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Huh? What are you expecting it to do that it doesn't?

Seems like my post was pretty specific on that point. Update correctly in the background, which is apparently asking too much. I can't tell you how many times I hit update then flip to another app and when I come back, its sitting back at the waiting to install screen. So I have to watch it until at least the download bars start on the second batch of apps before I can safely navigate away.

My issues aren't with any specific app (or dev), but a clear pattern than has emerged among them, including 1st party ones developed by MS. Regardless of where you want to place blame, the problem is still there. Additionally, the technical handling of background apps/resources is an area MS needs to keep working on and that is clearly their problem.

So much like Vista, you can blame (rightfully in most cases) the hardware vendors for releasing ****ty drivers, but at the end of the day its MS that will take the PR hit. So considering how much ad money they are dumping lately, it simply seems counterproductive to me to play the blame game.

Apple was meticulous about its early apps because they realized how critical that perception would be. MS gives me the impression that it wants to run a walled garden without taking any responsibility for what is inside it.

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Seems like my post was pretty specific on that point. Update correctly in the background, which is apparently asking too much. I can't tell you how many times I hit update then flip to another app and when I come back, its sitting back at the waiting to install screen. So I have to watch it until at least the download bars start on the second batch of apps before I can safely navigate away.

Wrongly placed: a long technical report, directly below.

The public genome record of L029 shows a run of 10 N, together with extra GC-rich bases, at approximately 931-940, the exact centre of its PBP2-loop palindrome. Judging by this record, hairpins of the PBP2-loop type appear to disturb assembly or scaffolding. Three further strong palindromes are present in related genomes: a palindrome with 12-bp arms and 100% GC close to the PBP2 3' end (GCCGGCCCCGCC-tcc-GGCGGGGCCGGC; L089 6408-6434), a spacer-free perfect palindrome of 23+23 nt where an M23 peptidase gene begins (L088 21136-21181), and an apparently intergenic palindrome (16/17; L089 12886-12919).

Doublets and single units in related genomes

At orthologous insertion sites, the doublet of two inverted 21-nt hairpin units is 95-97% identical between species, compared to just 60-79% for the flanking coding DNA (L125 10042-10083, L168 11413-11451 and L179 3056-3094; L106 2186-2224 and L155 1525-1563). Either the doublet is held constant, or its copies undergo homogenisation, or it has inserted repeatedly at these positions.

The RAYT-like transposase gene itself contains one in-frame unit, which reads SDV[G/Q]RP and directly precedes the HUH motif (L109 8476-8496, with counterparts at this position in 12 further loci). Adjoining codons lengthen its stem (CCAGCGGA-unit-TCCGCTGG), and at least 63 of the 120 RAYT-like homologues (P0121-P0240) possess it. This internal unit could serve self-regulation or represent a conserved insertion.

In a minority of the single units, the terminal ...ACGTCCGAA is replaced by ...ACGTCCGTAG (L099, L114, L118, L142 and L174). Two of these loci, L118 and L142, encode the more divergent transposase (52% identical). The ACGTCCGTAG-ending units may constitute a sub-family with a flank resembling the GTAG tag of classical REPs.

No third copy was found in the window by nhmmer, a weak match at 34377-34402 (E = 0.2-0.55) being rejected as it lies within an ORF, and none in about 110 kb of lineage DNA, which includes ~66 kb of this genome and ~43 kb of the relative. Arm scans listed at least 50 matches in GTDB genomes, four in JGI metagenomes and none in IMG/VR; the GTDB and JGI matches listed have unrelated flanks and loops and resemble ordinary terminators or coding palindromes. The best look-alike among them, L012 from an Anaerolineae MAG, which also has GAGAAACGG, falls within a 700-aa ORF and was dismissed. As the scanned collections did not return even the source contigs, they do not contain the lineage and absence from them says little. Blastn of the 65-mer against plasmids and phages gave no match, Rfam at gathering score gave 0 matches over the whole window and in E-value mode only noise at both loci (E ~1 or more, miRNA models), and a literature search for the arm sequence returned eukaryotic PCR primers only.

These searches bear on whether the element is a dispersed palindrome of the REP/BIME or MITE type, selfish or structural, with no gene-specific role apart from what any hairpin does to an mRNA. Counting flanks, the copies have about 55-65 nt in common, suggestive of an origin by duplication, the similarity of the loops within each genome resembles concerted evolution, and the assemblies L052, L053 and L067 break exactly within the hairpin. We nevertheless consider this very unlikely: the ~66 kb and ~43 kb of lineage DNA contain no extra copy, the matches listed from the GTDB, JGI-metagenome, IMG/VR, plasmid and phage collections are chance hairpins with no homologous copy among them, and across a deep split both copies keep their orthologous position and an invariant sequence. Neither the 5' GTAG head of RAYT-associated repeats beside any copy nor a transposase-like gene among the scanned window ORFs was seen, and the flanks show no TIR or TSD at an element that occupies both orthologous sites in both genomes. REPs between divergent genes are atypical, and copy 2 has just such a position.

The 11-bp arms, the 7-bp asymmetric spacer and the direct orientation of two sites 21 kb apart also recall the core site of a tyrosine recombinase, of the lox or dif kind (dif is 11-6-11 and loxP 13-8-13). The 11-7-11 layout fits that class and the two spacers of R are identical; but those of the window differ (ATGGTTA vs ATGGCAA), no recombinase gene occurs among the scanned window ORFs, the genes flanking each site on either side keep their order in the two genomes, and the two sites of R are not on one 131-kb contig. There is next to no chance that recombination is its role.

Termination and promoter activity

My issues aren't with any specific app, but a clear pattern than has emerged among them, including 1st party ones developed by MS. Regardless of where you want to place blame, the problem is still there. Additionally, the technical handling of background apps/resources is clearly an area MS needs to keep working on and that is clearly their problem.

No it clearly isn't their problem. They have complete support for running app tasks in the background. They have built an ecosystem where it forces the developer to respect power requirements. That is a good thing.

What is bad is the developer of the app you like hasn't implemented this.

This makes them a poor developer and is making you cry wolf over Microsoft when they have obviously put some serious thought into this.

Go cry to the developer as you have no argument with MS.

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Seems like my post was pretty specific on that point. Update correctly in the background, which is apparently asking too much. I can't tell you how many times I hit update then flip to another app and when I come back, its sitting back at the waiting to install screen. So I have to watch it until at least the download bars start on the second batch of apps before I can safely navigate away.

My issues aren't with any specific app, but a clear pattern than has emerged among them, including 1st party ones developed by MS. Regardless of where you want to place blame, the problem is still there. Additionally, the technical handling of background apps/resources is clearly an area MS needs to keep working on and that is clearly their problem.

So much like Vista, you can blame (rightfully in most cases) the hardware vendors for releasing ****ty drivers, but at the end of the day its MS that will take the PR hit. So considering how much ad money they are dumping lately, it simply seems counterproductive to me to play the blame game.

So it's Microsoft's fault you're impatient? I really want to see how you defend this one

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Impatient? Sledge, since you apparently didn't read my post, Microsoft IS the dev. FFS people.

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Impatient? Sledge, since you apparently didn't read my post, Microsoft IS the dev. FFS people.

You were talking about a third party music app that wasn't working in the background.

With the MS Store, why would it need to work in the background? You aren't looking at it then it should be suspended until you are. It frees up resources and cpu cycles by doing so. If you start downloading apps however and push it to the background then it will continue downloading your apps. See what they've done there? They've made the best use of system resources.